January 10, 2020

Who remembers the miners?

John Dawson, 62 | Donald Dawson, 58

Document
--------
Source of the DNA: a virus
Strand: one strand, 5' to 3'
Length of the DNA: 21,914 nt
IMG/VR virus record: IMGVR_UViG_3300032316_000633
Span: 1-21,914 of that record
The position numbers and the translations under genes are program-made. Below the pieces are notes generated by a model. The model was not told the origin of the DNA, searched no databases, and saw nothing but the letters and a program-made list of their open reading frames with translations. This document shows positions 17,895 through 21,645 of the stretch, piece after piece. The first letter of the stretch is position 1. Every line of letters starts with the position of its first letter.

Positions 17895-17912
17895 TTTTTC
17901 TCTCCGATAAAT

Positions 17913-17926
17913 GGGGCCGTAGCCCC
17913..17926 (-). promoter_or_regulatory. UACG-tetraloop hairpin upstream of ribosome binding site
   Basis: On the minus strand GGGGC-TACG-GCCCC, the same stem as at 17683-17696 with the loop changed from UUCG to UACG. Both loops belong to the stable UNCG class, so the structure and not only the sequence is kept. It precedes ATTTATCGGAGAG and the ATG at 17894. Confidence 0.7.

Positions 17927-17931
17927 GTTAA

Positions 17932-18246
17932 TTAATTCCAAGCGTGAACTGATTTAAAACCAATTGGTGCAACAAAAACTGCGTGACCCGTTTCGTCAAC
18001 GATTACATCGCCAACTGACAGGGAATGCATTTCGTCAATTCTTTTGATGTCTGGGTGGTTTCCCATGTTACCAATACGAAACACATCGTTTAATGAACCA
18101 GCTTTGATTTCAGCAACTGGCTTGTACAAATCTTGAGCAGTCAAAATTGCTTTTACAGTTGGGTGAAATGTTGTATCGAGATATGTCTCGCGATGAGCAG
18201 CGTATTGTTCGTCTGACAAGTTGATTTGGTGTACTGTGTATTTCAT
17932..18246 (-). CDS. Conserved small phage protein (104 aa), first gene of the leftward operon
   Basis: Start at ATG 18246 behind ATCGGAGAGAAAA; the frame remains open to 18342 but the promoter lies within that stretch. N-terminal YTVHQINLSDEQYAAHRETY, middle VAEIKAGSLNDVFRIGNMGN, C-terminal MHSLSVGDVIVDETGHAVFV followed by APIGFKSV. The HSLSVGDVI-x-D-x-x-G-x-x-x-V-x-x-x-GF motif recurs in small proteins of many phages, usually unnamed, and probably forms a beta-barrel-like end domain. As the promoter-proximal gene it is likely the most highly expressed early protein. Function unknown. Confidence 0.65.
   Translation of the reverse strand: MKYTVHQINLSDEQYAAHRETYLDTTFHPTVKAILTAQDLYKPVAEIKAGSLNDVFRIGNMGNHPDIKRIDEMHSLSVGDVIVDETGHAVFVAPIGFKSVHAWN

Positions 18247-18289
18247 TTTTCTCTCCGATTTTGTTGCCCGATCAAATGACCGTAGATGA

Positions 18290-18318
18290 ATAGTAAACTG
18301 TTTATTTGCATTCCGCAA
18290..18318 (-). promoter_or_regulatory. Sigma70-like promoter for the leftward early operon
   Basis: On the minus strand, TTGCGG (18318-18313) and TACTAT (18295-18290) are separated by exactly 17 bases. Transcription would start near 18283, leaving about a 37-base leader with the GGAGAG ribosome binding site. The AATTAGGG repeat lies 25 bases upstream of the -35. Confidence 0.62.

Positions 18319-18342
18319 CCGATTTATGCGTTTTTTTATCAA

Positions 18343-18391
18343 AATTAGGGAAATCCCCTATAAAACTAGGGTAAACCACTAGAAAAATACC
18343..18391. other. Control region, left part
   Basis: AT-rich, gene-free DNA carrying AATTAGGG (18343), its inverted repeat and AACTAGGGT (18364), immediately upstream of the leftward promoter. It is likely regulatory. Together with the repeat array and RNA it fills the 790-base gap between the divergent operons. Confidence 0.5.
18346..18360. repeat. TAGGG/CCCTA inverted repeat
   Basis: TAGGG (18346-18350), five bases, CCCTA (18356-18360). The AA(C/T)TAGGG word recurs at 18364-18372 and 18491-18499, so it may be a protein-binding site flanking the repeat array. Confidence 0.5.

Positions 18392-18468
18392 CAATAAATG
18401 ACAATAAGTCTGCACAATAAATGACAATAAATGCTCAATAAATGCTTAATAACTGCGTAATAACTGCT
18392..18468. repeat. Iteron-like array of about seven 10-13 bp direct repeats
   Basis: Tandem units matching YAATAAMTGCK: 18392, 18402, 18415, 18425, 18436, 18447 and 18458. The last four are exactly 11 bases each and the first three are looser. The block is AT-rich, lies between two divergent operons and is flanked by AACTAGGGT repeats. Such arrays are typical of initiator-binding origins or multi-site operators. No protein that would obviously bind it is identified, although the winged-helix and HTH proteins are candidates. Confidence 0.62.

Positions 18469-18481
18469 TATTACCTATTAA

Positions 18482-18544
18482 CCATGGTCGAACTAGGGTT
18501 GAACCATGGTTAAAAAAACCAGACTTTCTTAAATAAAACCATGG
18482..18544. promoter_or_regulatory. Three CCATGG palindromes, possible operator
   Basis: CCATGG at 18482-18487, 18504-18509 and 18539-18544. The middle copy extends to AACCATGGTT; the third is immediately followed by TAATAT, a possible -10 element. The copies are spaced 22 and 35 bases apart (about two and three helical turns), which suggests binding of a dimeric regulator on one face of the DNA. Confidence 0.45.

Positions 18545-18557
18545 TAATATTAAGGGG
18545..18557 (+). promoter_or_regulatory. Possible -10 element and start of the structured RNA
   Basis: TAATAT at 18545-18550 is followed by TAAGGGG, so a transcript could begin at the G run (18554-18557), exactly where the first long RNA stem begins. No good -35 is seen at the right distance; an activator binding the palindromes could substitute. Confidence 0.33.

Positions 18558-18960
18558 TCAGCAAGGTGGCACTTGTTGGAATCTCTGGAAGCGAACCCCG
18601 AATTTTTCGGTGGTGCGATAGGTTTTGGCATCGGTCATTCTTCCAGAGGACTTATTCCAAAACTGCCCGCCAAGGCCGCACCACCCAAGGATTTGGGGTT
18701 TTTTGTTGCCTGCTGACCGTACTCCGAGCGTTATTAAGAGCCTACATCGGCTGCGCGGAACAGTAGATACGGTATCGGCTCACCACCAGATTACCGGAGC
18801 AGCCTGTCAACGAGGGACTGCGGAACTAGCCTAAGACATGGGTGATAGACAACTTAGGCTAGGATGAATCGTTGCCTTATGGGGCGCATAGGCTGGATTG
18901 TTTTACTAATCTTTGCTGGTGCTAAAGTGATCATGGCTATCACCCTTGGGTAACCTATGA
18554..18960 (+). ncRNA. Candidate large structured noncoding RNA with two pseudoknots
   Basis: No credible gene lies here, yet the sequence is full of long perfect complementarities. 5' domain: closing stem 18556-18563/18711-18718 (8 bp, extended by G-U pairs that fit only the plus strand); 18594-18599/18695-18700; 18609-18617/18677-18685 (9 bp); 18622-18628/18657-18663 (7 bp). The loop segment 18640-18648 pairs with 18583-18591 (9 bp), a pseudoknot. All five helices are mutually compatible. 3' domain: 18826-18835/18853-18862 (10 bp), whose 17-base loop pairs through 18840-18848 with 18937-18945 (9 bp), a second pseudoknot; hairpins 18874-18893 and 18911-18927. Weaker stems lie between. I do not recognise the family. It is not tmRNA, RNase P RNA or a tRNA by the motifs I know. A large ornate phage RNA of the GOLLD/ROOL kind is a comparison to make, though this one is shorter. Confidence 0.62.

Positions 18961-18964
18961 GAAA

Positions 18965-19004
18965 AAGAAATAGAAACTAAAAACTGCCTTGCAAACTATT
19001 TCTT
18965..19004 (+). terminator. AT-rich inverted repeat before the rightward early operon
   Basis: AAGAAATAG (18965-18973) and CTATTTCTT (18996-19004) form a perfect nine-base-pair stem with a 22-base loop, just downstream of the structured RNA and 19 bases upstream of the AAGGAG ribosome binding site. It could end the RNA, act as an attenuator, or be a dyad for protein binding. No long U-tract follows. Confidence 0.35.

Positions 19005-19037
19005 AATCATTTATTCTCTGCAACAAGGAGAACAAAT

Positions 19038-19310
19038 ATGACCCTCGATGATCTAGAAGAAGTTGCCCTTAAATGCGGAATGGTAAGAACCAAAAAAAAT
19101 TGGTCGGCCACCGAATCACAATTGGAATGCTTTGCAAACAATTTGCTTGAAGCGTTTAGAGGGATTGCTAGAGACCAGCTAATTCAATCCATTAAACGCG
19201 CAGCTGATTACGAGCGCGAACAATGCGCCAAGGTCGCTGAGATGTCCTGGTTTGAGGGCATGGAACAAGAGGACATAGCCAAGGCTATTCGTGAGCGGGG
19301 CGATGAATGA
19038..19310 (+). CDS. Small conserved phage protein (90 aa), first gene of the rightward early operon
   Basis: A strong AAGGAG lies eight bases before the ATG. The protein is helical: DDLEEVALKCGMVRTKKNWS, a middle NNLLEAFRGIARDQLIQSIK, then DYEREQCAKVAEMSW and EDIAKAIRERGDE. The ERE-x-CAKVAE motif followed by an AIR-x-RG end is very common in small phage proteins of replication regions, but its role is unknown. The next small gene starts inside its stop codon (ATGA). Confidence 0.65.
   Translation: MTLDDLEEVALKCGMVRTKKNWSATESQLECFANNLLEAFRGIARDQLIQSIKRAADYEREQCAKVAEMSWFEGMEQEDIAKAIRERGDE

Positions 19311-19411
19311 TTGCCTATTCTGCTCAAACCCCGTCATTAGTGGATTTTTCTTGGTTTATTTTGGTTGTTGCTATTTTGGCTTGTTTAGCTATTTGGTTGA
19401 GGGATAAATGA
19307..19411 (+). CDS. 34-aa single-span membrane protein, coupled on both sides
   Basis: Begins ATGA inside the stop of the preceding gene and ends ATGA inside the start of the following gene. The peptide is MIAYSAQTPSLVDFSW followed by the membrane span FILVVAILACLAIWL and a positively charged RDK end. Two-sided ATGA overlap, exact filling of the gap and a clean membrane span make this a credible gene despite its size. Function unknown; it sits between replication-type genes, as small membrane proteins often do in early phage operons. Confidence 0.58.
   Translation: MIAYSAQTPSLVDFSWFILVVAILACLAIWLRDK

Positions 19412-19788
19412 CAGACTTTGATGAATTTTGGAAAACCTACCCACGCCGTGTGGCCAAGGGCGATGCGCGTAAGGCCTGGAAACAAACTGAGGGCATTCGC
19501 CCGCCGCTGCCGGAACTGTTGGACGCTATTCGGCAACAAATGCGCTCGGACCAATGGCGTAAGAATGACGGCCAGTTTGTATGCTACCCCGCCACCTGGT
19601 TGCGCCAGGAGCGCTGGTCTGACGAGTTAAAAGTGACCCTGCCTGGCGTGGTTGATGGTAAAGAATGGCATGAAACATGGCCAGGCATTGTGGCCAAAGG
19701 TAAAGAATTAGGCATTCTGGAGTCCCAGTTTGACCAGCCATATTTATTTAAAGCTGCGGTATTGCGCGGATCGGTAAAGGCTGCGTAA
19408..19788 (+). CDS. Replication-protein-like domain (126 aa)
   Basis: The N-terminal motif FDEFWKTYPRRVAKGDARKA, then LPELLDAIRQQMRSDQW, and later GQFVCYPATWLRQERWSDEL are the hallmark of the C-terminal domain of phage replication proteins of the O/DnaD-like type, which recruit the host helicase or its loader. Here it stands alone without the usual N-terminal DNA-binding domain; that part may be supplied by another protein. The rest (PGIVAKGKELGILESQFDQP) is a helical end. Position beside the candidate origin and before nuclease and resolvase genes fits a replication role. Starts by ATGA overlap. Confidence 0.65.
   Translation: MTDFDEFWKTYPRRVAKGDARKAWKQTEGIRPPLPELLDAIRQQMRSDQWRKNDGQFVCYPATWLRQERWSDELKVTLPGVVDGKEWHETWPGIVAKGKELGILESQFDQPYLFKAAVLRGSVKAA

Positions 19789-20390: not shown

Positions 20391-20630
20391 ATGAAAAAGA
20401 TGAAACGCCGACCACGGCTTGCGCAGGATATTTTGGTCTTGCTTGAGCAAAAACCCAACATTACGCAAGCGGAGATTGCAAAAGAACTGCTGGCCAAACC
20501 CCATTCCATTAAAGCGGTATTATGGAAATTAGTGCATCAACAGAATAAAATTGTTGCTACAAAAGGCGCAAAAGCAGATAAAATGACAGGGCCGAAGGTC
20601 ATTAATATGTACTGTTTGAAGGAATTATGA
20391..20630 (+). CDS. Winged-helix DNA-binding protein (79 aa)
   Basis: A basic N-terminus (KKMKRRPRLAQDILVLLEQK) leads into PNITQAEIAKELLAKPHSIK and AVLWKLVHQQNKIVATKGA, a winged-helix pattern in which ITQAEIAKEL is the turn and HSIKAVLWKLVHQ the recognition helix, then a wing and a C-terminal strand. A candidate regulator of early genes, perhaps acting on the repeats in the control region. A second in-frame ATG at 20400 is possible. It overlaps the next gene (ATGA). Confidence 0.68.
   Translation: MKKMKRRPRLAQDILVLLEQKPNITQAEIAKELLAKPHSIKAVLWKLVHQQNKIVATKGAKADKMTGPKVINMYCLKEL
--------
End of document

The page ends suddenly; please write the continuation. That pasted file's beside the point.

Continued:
The lives lost in the history of UK mining is staggering. Records only began in 1873 and since then over 85,000 Men, Women and Children make up the sad figures of known fatalities. Injuries for this period, often life changing, shockingly exceed four million… Mining disasters were a commonplace occupational hazard and regularly tore families and communities apart. Unlike today, there was no NHS or compensation lawyers to turn to. Miners Welfare Institutes were the only source of self-help for survivors or dependants. Miners were a disposable commodity. Life was cheap with safety being an inconvenience and extra expense in the early years. Working conditions only improved following the birth of Trade Unions. Yet even in the late 1950’s disasters were still happening in the post war National Coal Board. The Industrial Revolution which kickstarted today’s modern world was fuelled and founded by the labour, sacrifice and poverty of the common man. This painful truth has become overlooked and shamefully forgotten by our wealthy society. Who remembers the Miners?

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